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616 Lower hydroxychloroquine blood levels are associated with higher Type 1 and 2 lupus activities
  1. Kai Sun1,
  2. Jennifer Rogers1,
  3. Amanda Eudy1,
  4. Lisa Criscione Schreiber1,
  5. Rebecca Sadun1,
  6. Jayanth Doss1,
  7. Kelley Brady2,
  8. Roberta Vezza Alexander2,
  9. John Conklin2 and
  10. Megan Clowse1
  1. 1Duke University Medical Center, USA
  2. 2Exagen Inc., USA


Background Hydroxychloroquine (HCQ) is a mainstay of the initial and long-term treatment of systemic lupus erythematosus (SLE). HCQ blood levels can reflect adherence to the medication and have been correlated with SLE outcomes. However, little is known about the relationship between HCQ levels and SLE disease activity according to the Type 1 & 2 SLE Model, in which Type 1 activity is thought to be mediated by inflammation, e.g., arthritis, rash, nephritis, and Type 2 manifestations have uncertain relationship to inflammation, e.g., fatigue, myalgias, mood disturbance, and cognitive dysfunction.

Method Patients meeting the 1997 American College of Rheumatology or 2012 Systemic Lupus International Collaborating Clinics classification criteria for SLE were recruited from an academic lupus clinic. Whole blood HCQ levels were measured in Exagen’s clinical laboratory using liquid chromatography coupled to mass spectrometry and were categorized as under-exposure (HCQ <200 ng/ml), subtherapeutic (HCQ between 200-1000 ng/ml), or therapeutic HCQ Levels (HCQ >1000 ng/ml). Type 1 SLE activity was measured by Type 1 Physician Global Assessment (PGA) and Systemic Lupus Erythematosus Disease Activity Index (SLEDAI). Type 2 SLE activity measures included Type 2 PGA and patient-reported Polysymptomatic Distress (PSD) score (sum of widespread pain index and symptom severity score). Type 1 and 2 SLE Model classifications are defined in table 1. Self-reported adherence to HCQ was measured using the visual analog scale of the Medication Adherence Self-Report Inventory.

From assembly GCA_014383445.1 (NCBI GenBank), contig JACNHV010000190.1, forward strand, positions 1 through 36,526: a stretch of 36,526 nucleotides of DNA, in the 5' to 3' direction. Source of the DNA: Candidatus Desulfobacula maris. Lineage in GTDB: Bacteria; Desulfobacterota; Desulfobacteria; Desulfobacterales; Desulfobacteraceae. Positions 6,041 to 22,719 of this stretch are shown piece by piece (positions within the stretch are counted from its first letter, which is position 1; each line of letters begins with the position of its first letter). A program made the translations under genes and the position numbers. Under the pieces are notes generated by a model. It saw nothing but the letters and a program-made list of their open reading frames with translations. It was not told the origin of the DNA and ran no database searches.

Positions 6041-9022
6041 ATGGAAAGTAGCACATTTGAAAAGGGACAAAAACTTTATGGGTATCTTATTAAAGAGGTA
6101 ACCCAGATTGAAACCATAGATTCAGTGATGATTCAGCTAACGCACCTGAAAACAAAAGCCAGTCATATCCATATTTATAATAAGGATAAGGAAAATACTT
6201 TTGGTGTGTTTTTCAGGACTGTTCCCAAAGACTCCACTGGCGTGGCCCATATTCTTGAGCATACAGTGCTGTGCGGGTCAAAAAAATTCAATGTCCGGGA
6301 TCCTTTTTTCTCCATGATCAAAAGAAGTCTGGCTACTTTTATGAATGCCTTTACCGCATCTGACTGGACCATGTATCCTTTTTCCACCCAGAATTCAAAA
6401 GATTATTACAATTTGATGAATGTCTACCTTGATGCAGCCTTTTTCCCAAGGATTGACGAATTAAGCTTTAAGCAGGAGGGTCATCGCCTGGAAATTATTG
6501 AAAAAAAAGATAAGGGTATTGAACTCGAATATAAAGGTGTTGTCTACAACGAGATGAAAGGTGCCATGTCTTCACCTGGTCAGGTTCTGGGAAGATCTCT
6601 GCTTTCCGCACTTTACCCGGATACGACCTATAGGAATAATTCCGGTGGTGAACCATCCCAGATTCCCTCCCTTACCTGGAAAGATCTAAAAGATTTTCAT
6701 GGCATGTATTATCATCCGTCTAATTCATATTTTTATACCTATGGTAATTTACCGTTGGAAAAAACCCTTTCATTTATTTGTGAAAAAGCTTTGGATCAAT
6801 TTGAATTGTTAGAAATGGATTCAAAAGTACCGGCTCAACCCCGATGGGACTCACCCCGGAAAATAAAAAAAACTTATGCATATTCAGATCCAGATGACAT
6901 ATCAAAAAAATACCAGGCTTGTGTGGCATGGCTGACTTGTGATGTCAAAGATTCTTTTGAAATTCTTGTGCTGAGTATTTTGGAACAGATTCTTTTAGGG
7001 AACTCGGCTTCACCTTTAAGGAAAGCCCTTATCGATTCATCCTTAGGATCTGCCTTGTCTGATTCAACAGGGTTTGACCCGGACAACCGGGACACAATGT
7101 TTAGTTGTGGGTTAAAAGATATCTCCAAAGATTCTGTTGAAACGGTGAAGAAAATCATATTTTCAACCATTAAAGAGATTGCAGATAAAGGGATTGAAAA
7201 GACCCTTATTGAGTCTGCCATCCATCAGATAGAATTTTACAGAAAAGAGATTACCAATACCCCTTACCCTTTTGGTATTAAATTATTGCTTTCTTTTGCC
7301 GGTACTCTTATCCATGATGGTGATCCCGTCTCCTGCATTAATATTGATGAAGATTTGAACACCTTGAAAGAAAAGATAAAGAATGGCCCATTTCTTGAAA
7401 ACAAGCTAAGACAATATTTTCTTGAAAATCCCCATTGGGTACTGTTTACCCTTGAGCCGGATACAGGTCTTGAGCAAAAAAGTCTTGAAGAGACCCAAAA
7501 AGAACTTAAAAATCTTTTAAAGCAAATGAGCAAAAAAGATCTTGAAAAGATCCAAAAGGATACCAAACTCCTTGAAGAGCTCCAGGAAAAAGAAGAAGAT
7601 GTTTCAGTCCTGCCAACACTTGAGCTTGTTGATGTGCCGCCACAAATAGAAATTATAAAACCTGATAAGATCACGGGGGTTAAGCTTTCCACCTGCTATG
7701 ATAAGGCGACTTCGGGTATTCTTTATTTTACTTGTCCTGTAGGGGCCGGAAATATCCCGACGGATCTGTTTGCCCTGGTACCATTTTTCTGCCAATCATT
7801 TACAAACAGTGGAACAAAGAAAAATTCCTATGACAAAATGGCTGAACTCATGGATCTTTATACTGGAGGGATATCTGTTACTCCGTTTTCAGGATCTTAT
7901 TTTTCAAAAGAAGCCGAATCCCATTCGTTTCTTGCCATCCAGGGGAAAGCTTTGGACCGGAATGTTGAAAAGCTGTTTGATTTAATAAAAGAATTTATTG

We examined demographic and clinical differences among patients with different HCQ blood levels using the Chi-squared and Kruskal-Wallis tests. We also examined the distribution of HCQ levels across different types of lupus activities.

Results This cross-sectional analysis included 156 patients (median age 42, 91% female, 61% black, 43% married or cohabiting, 60% with annual household income ≤$50,000, and 47% with Medicaid/Medicare insurance). In this cohort, 32% were classified to have Minimal SLE (low Type 1 & 2 activity), 12% had active Type 1 with low Type 2 SLE activity, 24% had active Type 2 with low Type 1 SLE activity, and 32% had Mixed SLE (high Type 1 & 2 activity).

Of the 127 patients who provided adherence data, 70% reported ≥90% adherence to the prescribed dose. HCQ whole blood levels were in the under-exposure range in 19%, subtherapeutic in 35%, and therapeutic in 46% of patients (table 2).

No significant differences in sociodemographics, dosing parameters, HCQ dose, and self-reported adherence were found among patients with under-exposed, subtherapeutic, and therapeutic HCQ levels.